Dan Morton, an executive with the Hobbs Group, an insurance broker serving medium to large trucking companies, recently suggested that current market conditions require motor carrier managers to become much more astute in selecting and evaluating insurance coverage. With this in mind, I asked him to provide some insurance advice for fleets.
According to Morton, the first thing you should do is answer two basic questions: What should you choose as an upper policy limit and how large a deductible do you want?
Your upper policy limit is a function of your equity, DOT requirements, legal jurisdiction and, of course, price.
The appropriate deductible, on the other hand, should reflect an analysis of your previous five-year loss history. That analysis should serve as a predictor of your loss costs over the next 12, 24, or 36 months. In insurance lingo, future loss costs are referred to as “loss picks.”
A loss pick, says Morton, is simply the amount of claims dollars expected at a certain deductible level. He emphasizes that you can't properly evaluate an insurance quote if you don't know the loss pick.
Morton points out that some trucking companies have elected to raise their deductibles as a way to keep a lid on premiums. However, many of those fleets discovered that runaway claims costs nearly resulted in financial disaster.
How do you go about calculating a loss pick? According to Morton, a fairly simple approach may be most helpful in understanding insurance quotes. Here's a summary of his six-step method:
Step 1. Cap all your claims for the previous five years at the deductible level you are considering. For example, if you're considering a $100,000 deductible, you should not include any claim amount above $100,000.
Step 2. Total all capped losses by year.
Step 3. Compute a loss ratio by dividing each year's capped loss total by exposure (miles traveled or freight revenue) for that year. Most fleets prefer vehicle miles traveled, since it is a more accurate reflection of business conditions, which cause claims/losses to occur.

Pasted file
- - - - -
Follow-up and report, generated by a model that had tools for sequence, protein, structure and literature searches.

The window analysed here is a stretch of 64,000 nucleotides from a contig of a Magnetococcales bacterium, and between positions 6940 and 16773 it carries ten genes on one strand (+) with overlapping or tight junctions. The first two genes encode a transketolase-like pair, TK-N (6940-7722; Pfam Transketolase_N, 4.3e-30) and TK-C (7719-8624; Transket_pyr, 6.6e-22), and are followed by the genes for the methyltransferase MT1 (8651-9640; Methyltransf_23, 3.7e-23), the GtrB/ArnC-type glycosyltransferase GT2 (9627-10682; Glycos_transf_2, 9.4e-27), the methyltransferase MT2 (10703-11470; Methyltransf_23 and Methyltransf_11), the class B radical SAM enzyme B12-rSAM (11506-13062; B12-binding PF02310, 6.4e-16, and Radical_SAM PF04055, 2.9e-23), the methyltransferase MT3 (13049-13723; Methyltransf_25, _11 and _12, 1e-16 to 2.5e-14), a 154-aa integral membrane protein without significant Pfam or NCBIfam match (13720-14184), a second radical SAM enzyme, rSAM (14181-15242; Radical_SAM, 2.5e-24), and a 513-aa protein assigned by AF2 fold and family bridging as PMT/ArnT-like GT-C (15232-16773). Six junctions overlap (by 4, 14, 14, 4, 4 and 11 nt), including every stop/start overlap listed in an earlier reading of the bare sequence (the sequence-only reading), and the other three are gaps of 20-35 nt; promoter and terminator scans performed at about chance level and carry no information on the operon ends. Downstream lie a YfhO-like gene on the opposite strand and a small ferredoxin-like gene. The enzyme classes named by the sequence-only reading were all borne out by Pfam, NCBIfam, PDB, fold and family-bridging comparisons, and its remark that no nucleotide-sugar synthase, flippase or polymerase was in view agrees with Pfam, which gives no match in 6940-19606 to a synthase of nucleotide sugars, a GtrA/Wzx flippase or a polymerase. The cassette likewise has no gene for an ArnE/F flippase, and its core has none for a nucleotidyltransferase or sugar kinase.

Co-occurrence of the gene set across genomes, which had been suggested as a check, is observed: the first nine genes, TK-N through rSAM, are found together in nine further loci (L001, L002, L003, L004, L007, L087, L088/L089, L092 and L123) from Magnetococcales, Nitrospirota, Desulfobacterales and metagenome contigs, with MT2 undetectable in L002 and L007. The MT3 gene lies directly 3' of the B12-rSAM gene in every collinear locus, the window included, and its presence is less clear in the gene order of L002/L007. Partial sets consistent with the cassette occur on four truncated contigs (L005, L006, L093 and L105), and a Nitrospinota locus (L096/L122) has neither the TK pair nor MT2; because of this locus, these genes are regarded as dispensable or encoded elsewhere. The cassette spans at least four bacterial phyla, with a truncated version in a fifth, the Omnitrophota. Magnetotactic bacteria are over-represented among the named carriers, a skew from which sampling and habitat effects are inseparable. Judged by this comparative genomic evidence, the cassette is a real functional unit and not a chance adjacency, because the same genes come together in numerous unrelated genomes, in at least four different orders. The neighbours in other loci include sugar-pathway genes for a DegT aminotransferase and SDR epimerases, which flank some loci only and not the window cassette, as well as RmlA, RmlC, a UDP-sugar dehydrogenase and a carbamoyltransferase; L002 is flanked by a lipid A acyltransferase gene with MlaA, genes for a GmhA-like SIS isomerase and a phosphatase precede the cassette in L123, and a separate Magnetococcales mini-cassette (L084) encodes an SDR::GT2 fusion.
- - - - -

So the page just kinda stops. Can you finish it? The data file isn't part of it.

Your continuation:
Step 4. Multiply each year's loss ratio by a loss development factor. It's no surprise that losses for an individual claim develop (insurance speak for “increase”) over time. This development can be attributed to conditions such as unanticipated settlement awards, inappropriate starting reserves and economic inflation. A good insurance broker should be able to provide guidance in this area. One rule of thumb is to compare the current value of “three-year's prior” losses with their original value. Look at how much the cost of the losses has increased in three years. That “increase factor” is the loss development ratio.
Step 5. Average those amounts for the previous five years.
Step 6. Compute your anticipated loss pick by multiplying the amount calculated in Step 5 by your expected exposure for the coming year.
Keep in mind that this is a very simplistic method. Your agent and/or insurer will no doubt have their own methods; you should compare them to yours. The keys to determining good loss picks are recent loss runs and accurate exposures — taking into account short and long policy periods.
Once you have a loss ratio, you can evaluate all the components in the insurer's quote. And you now have some idea of how much you have to “bank” for the losses in the coming year.
But there's more to an insurance quote than premiums, collateral, and deductibles. You should expect some additional services for your business, such as loss prevention and claims handling.
Morton seems to confirm that the primary factor in determining an insurance premium is prior-year crash costs. The best way to control these costs is to set up an effective safety management program, including driver training and at-risk behavior identification. It will give you a safer fleet and help reduce insurance costs.
Jim York is the manager of Zurich North America's Risk Engineering Team, based in Schaumburg, IL.